Wednesday, July 19, 2017

Latest on the Travel Ban legal nonsense.

So to recap the latest chain of events:
  • On June 26th The USSC stayed the multiple lower court decisions that declared the travel ban unconstitutional, effectively allowing the Government to implement the travel ban. To that main degree, the court was unanimous.
  • However, the USSC determined that the ban could not include anyone with a "bona-fide relationship" within the United States. Three Justices (Thomas, Alito, Gorsuch) dissented, suggesting that the ban should be allowed without conditions. 
  • The Government put the ban into effect, and the DOJ restricted a "bona-fide relationship" to immediate family members: fathers, mothers, brothers, sisters, and in-laws of the same relation. 
  • The State of Hawaii went back to court (to the original Hawaii Judge who order the ban unconstitutional), asking that Judge "clarify" the "bona-fide relationship" portion of the USSC ruling. They argued that the DOJ restriction were a violation of his original order and that the DOJ was not following the intent of the USSC ruling. The Justice refused to clarify, saying it was not his place to clarify the USSC order.
  • The State of Hawaii appealed that ruling to the 9th Circuit Court, who remanded it back to the original Judge with the opinion that if the plantiffs asked for an injuction (rather than clarification) that the lower courts did have authority to clarify the USSC ruling. They made it quite clear that if this Judge didn't act to do so, that they would. 
  • The State of Hawaii went back (again) to the District Judge asking for an injuction, providing the Judge with a variety of areas where they believed the DOJ got the defintition of "bona-fide relationship" wrong. The District Judge ruled in their favor on two of the areas, ordering the DOJ to include grandparents, aunts, uncles, and cousins as part of "bona-fide close family relationship"  as well as declaring that those refugees who were working with a refugee group had a "bona-fide relationship" with that group.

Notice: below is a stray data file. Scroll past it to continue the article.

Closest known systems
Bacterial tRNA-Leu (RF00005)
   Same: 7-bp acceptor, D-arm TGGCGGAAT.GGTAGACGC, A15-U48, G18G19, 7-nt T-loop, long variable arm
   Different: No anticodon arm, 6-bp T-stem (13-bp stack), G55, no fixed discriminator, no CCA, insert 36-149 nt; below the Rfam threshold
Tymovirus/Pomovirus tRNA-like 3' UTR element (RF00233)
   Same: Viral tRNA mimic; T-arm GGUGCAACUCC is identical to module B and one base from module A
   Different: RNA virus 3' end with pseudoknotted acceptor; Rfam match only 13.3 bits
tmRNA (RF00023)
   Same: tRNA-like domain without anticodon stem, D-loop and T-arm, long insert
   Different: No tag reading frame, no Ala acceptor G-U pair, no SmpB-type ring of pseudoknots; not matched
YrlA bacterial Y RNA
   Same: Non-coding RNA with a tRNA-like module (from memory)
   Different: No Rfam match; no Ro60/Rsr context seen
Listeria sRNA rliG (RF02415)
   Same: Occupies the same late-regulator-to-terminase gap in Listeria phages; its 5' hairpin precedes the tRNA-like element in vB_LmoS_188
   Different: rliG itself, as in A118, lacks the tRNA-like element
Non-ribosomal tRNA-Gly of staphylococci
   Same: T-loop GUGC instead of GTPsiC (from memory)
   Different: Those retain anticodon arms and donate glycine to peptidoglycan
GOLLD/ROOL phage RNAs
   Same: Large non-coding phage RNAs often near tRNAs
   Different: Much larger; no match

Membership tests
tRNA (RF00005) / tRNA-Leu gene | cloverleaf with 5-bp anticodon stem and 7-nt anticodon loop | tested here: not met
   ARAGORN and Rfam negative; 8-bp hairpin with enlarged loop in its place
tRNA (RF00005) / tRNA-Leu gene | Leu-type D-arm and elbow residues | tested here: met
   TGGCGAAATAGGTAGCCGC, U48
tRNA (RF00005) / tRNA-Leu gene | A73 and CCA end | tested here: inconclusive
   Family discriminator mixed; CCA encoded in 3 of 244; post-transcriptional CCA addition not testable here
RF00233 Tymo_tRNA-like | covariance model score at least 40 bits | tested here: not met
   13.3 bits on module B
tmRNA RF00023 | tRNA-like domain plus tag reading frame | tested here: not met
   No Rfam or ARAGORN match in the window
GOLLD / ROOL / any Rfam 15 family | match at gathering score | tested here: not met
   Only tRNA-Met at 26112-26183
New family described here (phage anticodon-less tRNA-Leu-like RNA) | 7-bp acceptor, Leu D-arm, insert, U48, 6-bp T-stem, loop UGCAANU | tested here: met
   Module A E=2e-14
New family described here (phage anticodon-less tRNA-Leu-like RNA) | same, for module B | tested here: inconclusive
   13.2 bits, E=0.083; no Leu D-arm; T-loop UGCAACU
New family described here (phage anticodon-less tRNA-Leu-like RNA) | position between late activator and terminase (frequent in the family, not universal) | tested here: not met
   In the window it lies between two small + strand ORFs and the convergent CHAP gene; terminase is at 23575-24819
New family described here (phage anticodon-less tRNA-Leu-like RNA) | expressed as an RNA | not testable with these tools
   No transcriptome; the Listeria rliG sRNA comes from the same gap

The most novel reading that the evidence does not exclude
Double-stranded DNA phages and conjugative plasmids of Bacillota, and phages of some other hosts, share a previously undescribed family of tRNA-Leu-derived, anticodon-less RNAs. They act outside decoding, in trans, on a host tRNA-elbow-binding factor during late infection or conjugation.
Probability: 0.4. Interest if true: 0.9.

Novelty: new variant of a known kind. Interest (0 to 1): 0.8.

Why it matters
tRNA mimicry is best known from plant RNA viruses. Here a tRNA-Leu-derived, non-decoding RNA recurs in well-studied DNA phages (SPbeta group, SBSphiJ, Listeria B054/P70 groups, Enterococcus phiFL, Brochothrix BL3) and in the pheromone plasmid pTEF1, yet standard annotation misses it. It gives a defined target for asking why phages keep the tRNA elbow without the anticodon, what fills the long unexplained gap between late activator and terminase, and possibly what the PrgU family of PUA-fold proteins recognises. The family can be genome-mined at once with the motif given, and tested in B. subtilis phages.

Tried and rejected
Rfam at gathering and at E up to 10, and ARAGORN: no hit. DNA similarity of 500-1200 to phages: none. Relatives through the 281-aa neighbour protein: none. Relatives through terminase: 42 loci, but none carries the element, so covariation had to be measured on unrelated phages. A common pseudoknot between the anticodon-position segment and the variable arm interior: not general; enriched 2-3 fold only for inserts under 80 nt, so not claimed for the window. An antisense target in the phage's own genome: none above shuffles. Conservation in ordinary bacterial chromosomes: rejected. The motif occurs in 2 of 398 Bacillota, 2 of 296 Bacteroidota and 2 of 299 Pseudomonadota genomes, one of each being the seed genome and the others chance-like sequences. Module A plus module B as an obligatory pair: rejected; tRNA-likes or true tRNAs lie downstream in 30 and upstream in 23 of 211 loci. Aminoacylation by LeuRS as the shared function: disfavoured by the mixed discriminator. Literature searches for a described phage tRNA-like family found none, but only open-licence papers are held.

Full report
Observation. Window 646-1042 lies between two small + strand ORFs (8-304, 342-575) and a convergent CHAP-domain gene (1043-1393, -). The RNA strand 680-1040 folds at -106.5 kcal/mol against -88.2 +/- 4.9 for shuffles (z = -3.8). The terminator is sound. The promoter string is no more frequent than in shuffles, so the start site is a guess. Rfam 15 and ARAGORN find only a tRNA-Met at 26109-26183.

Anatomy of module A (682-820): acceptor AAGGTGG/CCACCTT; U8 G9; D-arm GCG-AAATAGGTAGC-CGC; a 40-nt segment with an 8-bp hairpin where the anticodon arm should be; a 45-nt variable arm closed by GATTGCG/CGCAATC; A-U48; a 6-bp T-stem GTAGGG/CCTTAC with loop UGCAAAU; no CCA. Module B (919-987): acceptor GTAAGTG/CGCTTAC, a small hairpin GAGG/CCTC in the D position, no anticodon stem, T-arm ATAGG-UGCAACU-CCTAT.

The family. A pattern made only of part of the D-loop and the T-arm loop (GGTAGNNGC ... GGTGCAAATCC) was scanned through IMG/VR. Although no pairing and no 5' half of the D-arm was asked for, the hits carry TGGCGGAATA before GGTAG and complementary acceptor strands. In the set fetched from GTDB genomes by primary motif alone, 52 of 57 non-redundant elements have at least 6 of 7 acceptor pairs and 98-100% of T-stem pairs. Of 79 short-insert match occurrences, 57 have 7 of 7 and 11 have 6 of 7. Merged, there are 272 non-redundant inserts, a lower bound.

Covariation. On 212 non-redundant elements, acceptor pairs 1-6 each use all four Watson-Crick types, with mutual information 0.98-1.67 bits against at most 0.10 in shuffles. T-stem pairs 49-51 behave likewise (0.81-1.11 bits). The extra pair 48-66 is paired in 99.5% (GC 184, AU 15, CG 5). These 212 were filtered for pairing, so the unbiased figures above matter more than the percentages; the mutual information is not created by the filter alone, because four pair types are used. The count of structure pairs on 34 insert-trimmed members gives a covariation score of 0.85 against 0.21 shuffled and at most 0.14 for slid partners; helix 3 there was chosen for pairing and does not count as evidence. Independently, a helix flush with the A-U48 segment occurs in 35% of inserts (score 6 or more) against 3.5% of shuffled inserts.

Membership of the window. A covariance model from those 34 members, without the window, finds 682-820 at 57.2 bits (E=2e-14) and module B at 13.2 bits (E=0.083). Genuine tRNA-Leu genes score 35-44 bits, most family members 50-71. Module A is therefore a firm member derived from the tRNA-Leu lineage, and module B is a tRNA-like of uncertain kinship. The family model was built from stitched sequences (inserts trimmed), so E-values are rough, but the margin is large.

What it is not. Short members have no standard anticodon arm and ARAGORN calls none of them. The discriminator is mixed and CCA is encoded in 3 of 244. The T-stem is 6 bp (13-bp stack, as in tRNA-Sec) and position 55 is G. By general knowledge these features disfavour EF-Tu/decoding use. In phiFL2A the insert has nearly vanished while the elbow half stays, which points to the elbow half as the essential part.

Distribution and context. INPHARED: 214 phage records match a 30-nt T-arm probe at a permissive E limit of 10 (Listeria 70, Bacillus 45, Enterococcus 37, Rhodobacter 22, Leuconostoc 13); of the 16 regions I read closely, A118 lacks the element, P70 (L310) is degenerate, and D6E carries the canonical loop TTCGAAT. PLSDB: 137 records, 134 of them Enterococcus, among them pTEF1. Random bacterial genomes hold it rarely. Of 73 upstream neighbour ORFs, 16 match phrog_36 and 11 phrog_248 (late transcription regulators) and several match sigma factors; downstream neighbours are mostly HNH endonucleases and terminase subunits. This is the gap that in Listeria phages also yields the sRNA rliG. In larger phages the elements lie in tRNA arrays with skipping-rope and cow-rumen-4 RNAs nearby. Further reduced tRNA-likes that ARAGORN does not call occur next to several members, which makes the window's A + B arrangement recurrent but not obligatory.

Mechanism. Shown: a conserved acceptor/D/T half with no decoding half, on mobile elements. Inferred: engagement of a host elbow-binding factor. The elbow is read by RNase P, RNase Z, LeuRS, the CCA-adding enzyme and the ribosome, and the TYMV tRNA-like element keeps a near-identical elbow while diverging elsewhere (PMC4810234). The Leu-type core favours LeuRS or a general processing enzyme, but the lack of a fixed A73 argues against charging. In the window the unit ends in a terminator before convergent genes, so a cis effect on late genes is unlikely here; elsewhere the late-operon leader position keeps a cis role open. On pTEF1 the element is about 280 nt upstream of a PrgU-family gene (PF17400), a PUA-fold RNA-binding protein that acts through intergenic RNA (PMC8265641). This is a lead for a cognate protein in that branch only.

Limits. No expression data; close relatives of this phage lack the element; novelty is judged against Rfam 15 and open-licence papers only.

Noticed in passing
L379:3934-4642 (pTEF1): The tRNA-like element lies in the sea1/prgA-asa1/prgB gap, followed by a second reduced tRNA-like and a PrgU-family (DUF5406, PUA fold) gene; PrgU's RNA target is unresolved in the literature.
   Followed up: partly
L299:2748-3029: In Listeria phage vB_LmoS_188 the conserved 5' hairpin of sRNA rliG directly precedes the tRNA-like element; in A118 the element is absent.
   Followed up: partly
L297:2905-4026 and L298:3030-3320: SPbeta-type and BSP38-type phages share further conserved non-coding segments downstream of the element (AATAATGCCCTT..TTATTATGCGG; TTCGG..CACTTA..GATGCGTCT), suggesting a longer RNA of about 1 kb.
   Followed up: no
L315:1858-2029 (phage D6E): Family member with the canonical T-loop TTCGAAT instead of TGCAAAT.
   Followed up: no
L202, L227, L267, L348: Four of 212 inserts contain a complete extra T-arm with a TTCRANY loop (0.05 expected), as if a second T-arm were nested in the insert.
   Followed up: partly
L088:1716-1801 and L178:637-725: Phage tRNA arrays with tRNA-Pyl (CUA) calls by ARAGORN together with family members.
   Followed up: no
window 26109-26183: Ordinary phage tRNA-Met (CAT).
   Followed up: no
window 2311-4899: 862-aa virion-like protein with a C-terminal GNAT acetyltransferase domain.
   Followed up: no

• The Government sent an appeal to both the 9th circuit court as well as an expedited appeal to the USSC asking them to stay the "new" court order of the District Judge.
About an hour ago, the USSC handed down a very short order that refused to "clarify" their own description of "bona-fide relationship" (as it pertained to close family), while also ordering a stay of the District Court's order that refugees working with a refugee group had a bona-fide relationship. The same three Justices dissented, believing (again) that the entire District Court order should have been stayed. 

The ruling also suggested that they are still expecting a ruling from the 9th circuit court as well. Not exactly sure what can possibly come of that... other than to agree with the District Judge on the point that the USSC didn't stay.  

I find the entire matter to be an exercise in logical futility. 

The one analysis I have seen is suggesting that the Government will push for a quick ruling from the 9th circuit so that the 9th circuit ruling can be appealed. This would imply that the court's refusal to "clarify" their own ruling was somehow tied to not finding it a strong enough case for expedition? Which would then suggest that the idea that refugees could have a bona-fide relationship with a refugee service was something that the court found to be a much stronger cause to expedite? 

I don't read anything like that in the two paragraph long decision. But then again, I don't understand why they made a point to suggest that they were still expecting the 9th to rule either. 

At the end of the day, the efforts of the state of Hawaii has forced the DOJ to expand their list of "close family members" to include Grandparents, Aunts, Uncles, and Cousins. All of their other requests (and there were several)  have been shot down either by the District Judge or the USSC. 

I still believe that as a matter of fundamental constitutional legal principal that the entire District Court decision should have been stayed, simply because it chose to re-rule on a case that the USSC had already ruled on. I think the Roberts Court (with one eye constantly on the politics of everything) is opening up a big can of worms by allowing this sort of circular chain of lawsuits to take place. Once they ruled, the entire thing should have ended. I believe that was the most important point that the Roberts Court could have made here. Their own credibility as the "Supreme" Court is at stake.